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WATER RESOURCES

The State of Goa is located on the West Coast of India and receives abundant rainfall from the South-West monsoonal winds. The Konkan belt locked between the Sahyadri range on the Eastern side and the Arabian Sea on the West is very conducive for relieving the heavy moisture laden winds during monsoons. As a corollary, rainfall pattern is heaviest along the mountain ranges and on its western slopes, which gradually reduces towards the coastal plains. The majority of entire precipitation is limited to a period of just four months (i.e. June to September). Annual rainfall pattern in Goa over the last 14 years, is very erratic and rainfall in recent years has been below an annual average of 3000mm. Though the State has a huge potential of assured water, a high percentage of the water resources get drained down, owing to Goa's physiographical set up and ultimately joins the Arabian Sea. This results in sharp imbalance between the water supply and its availability during different months of the summer and monsoon season. The surface drainage is helped by a number of streams, nallahs, rivulets and rivers, which run across the State in a westerly direction and finally run into the Arabian Sea.

Surface Water Resources

The State has nine rivers, of which six rivers originate and flow exclusively within the State boundaries and do not have any interstate implications. However, Terekhol and Chapora rivers originate in Maharashtra while Mandovi river originates in Karnataka State. All the rivers except Sal in the South originates on the western slopes and subsequently meanders over falls and rapids into the coastal plains (during young/initial stage), from where they tend to become sluggish (during mature stage) and then ultimately joins estuary mouth and then into the sea (old stage). Most of these rivers are subject to tidal variations and salinity upto a distance of 20-40 kms upstream from their respective mouth regions as such these have been referred to as estuaries. Most of these rivers are excellent navigational channels and are used mostly for transporting ores through barges from ore loading jetties to Mormugoa Harbour for onwards export.

Out of nine rivers in the State, rough estimation reveals that basin-wise average runoff is to the tune of about 8436 million cubic meters (MCM). This entire water resource should not be mistaken as available for harnessing. As assessed by Central Water Commission (CWC), the water resource of Goa is 8570 MCM. Many of these rivers are tidal prone upto a distance of 20-40 kms, and utilizable part of the yield should necessarily be identified basin wise.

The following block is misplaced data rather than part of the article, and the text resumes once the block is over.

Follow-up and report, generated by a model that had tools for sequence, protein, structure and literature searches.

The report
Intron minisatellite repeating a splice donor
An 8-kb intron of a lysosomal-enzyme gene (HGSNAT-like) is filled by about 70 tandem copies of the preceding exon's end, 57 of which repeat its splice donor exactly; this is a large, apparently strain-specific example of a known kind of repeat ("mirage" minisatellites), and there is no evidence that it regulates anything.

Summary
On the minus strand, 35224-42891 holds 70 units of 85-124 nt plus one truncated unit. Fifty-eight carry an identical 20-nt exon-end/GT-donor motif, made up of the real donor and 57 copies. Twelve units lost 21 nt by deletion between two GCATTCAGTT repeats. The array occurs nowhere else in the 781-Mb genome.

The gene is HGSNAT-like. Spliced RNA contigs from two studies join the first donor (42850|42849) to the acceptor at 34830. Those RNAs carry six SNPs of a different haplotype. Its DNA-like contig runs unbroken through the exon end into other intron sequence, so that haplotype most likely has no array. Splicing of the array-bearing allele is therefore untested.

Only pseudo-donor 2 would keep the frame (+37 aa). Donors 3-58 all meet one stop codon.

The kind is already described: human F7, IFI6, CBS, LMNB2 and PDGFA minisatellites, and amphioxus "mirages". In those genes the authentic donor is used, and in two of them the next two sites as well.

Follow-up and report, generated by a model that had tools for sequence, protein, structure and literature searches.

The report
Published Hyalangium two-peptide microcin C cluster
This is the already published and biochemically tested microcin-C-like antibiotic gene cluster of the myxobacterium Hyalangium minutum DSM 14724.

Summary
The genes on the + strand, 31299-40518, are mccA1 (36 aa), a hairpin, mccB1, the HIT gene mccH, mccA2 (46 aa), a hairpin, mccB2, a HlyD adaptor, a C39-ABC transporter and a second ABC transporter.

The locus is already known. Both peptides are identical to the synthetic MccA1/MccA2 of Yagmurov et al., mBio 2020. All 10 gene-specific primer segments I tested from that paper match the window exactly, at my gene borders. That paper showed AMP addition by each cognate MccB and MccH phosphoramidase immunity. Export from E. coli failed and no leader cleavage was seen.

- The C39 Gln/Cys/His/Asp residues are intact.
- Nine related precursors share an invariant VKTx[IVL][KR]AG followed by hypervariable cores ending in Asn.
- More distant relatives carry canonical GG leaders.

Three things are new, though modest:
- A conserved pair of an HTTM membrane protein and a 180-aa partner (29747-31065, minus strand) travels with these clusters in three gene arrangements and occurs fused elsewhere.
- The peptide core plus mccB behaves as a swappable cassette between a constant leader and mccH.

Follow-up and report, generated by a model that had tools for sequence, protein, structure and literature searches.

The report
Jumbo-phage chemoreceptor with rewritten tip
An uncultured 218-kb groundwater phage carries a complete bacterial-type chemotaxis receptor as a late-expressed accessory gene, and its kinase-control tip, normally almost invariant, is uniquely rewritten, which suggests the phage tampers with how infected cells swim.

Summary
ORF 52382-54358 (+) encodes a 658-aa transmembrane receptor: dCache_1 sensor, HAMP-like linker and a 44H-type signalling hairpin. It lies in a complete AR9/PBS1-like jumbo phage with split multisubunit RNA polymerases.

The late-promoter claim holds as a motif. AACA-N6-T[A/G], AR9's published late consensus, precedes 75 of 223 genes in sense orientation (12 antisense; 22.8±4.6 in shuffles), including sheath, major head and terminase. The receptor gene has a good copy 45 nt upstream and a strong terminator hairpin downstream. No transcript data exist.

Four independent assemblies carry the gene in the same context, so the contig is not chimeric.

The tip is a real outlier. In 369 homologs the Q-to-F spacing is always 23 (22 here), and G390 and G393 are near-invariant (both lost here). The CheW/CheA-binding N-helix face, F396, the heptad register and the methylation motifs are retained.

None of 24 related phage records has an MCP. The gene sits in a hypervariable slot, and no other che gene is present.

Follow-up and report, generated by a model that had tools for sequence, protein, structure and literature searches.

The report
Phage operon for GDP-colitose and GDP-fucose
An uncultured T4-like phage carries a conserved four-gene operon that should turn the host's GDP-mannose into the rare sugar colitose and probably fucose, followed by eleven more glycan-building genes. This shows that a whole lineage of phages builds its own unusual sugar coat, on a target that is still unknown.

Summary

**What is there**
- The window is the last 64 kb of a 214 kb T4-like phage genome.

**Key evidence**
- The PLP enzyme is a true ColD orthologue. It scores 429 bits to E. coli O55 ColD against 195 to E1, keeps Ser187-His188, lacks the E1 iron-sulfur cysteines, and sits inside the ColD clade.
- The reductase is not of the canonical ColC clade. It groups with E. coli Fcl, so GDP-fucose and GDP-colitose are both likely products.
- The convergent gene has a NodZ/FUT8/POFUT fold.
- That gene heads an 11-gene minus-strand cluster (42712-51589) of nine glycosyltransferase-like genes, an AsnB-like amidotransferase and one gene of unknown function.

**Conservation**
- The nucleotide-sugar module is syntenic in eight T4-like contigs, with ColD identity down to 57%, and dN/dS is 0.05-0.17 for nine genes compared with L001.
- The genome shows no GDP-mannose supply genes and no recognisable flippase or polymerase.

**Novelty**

Table 1: Details of river basins in Goa

S. No.
Name of the River Basin
Length within the State
Length within the salinity Zone
Basin area
Average runoff
(km)
(km)
(sq. kms)
(MCM)
1
Terekhol
26
26
71
164.25
2
Chapora
32
32
255
588.35
3
Baga
10
10
50
116.42
4
Mandovi
52
36
1580
3580.04
5
Zuari
145
42
973
2247.4
6
Sal
40
14
301
694.39
7
Saleri
11
5
149
343.04
8
Talpona
32
7
233
515.59
9
Galgibag
14
4
90
187.11
TOTAL
362
176
3702
8436.59
Source: Master Plan for Madei / Mandovi River Basin A Report by The Panel of Experts, Vol. I, Vol. II

Groundwater Resources
The Central Ground Water Board (CGWB), Ministry of Water Resources has prepared "Master Plan for Development of Ground Water in Goa State" in March 1997. In this report, taking into account only the annual safe dynamic recharge, it has been stated that the ground water potential that can be exploited in the State is 150 million cubic meter (Mm3). The present use is 9 Mm3. Therefore the balance left for safe exploitation is about 141 Mm3 in the state.

During post-monsoon periods, river flow starts dwindling and very few rivers remain perennial throughout its entire length. This obviates the developmental water resources scenario thereby forcing the developmental authorities to focus on water storage measures for its optimal surface water utilization. The nature has bestowed abundant opportunity for groundwater recharge in the State by way of copious rainfall during the monsoonal period. As the overburden mantle is made up of laterites & lateritic soils along the foothills and plateau tops, the recharge is relatively faster. However, on the other hand, it enables effluent seepage through nallahs, creeks to lower the water table at a faster rate. The macro-level surveys indicate groundwater draft of about 525 MCM. Taking the water supply for domestic water requirements to be accorded top prioritization, as per the regulatory measures of about 15%, the rest is available for irrigation and other allied uses which work out to about 450 MCM.